Who doesn't like Wikipedia? Sure, sometimes you'll get people who update it with incorrect information on accident or on purpose, but generally it's a great place to go for some quick & easy information on just about any topic you'd like to know about. It's free, it's easy, & most importantly... it's free.
That's what makes the Alphascript books so horrible.
VDM Publishing is the force behind the Alphascript books, taking pages from Wikipedia & putting them into incredibly books that are not only poorly translated into book format but are also obscenely priced. Would you believe that the lowest price for one of these books is about $40? That's the lowest price, mind you. The average price is actually around $50-60, with some books ranging into the $100s. If they only charging $5-10 for the book then I probably wouldn't be as outraged, but with prices these high it's literally robbery.
All for a book that literally contains information you could grab for free off of Wikipedia. The company claims that they are able to sell these books because they're considered "free use" & that they are perfectly within their legal bounds to charge whatever they want.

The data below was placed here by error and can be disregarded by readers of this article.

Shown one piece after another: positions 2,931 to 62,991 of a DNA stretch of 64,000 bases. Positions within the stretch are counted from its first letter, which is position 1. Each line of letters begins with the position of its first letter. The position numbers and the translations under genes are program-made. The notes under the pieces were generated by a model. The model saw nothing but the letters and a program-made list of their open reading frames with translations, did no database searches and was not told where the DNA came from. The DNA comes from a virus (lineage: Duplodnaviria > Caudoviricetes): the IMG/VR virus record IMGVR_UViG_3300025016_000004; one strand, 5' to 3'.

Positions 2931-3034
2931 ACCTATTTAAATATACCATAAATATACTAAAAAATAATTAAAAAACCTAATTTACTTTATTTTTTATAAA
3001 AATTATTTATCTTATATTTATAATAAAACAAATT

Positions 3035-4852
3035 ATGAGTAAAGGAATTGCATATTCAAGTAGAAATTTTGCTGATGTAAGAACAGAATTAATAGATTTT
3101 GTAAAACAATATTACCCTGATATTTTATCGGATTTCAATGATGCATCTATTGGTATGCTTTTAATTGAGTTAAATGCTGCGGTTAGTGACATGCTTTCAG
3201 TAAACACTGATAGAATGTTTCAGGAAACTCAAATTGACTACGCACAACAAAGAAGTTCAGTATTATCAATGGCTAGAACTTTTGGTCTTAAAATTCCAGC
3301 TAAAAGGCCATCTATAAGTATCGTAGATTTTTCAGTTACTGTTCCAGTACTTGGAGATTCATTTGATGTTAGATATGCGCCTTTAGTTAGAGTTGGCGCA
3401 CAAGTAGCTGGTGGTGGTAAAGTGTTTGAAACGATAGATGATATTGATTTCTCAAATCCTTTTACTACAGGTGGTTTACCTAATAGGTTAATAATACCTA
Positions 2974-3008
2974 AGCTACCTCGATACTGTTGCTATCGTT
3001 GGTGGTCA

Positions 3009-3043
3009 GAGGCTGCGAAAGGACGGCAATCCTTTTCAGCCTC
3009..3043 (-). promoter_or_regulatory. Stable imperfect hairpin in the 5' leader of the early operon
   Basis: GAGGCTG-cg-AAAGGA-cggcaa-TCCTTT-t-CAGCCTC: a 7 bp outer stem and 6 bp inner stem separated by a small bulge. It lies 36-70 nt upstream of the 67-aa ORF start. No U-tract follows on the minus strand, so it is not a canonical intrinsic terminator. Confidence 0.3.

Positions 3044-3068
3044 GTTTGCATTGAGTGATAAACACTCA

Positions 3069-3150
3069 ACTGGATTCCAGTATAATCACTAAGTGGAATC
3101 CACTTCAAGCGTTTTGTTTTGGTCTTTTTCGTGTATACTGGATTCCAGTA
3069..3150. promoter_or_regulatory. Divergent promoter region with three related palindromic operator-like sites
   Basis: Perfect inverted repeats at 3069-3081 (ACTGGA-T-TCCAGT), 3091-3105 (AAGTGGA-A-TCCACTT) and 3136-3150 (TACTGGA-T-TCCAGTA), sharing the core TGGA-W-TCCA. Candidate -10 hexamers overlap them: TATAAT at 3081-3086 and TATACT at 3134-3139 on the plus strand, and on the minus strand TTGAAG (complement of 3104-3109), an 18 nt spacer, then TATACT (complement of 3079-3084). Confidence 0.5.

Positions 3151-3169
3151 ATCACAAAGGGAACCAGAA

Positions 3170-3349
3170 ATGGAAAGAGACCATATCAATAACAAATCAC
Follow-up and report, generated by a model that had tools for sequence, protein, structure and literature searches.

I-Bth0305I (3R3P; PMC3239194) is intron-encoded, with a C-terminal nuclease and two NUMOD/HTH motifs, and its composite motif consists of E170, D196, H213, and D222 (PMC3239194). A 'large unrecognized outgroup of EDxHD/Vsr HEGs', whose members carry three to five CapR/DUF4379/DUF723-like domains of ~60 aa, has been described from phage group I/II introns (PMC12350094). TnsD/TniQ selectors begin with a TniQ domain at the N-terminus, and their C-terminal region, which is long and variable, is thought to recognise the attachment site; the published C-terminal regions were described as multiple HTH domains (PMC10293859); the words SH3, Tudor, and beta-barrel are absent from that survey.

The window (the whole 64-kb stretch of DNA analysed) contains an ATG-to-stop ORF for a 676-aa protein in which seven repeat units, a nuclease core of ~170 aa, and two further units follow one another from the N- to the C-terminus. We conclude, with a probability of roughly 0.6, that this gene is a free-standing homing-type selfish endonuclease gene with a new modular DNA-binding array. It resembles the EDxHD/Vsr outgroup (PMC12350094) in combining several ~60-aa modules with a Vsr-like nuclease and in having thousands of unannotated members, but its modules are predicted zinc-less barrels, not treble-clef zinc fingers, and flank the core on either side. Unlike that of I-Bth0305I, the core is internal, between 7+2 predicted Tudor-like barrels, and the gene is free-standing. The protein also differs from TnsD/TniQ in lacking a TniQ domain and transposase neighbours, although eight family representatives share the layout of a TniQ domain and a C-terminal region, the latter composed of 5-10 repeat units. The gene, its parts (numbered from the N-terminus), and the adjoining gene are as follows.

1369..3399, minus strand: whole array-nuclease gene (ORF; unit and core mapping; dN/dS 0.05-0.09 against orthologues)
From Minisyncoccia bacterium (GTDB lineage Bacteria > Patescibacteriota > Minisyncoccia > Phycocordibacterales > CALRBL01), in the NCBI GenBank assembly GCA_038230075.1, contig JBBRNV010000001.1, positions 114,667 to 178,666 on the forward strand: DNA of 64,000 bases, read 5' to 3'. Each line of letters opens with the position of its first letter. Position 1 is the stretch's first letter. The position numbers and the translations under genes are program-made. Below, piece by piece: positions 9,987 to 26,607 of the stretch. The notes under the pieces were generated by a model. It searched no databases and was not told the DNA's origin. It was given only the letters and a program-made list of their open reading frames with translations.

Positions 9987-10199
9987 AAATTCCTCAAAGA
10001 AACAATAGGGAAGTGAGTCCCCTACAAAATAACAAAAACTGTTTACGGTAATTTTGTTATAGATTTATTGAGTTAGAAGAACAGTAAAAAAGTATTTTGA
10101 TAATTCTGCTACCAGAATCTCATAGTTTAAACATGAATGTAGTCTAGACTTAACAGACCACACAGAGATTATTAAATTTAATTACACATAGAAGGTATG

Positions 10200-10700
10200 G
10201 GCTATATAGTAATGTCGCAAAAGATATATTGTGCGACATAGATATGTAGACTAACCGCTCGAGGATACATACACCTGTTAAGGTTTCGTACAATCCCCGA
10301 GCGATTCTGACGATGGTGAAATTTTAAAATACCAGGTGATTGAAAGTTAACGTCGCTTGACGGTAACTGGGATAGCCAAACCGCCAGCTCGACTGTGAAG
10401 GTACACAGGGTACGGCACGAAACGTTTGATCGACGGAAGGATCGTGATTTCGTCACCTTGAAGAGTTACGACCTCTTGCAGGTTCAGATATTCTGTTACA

Critics are already quick to point out that VDM doesn't label the books to reflect where they got the content from. Indeed, many of the amazon entries I looked at said nothing about them gaining all their info from Wikipedia. VDM's reply?
"It is pointed out in every Alphascript book that contents are Wikipedia articles. Do we now have to write in Amazon-books: “Attention! Books contains Wikipedia!”? Then other publishing houses would have to point out in their books: “Attention! Book contains nonsense!”, or: “Attention! Book has only sex-scenario!”
That's all fine & well, but if you only put it inside of the book or in a place where people can't see it until their purchase arrives & not on the amazon description spot or in the title itself, isn't that fraud in some way?
To some degree a bit of "Caveat Emptor" should be applicable, but in this case I can't help but think that the unaware consumer needs to be protected.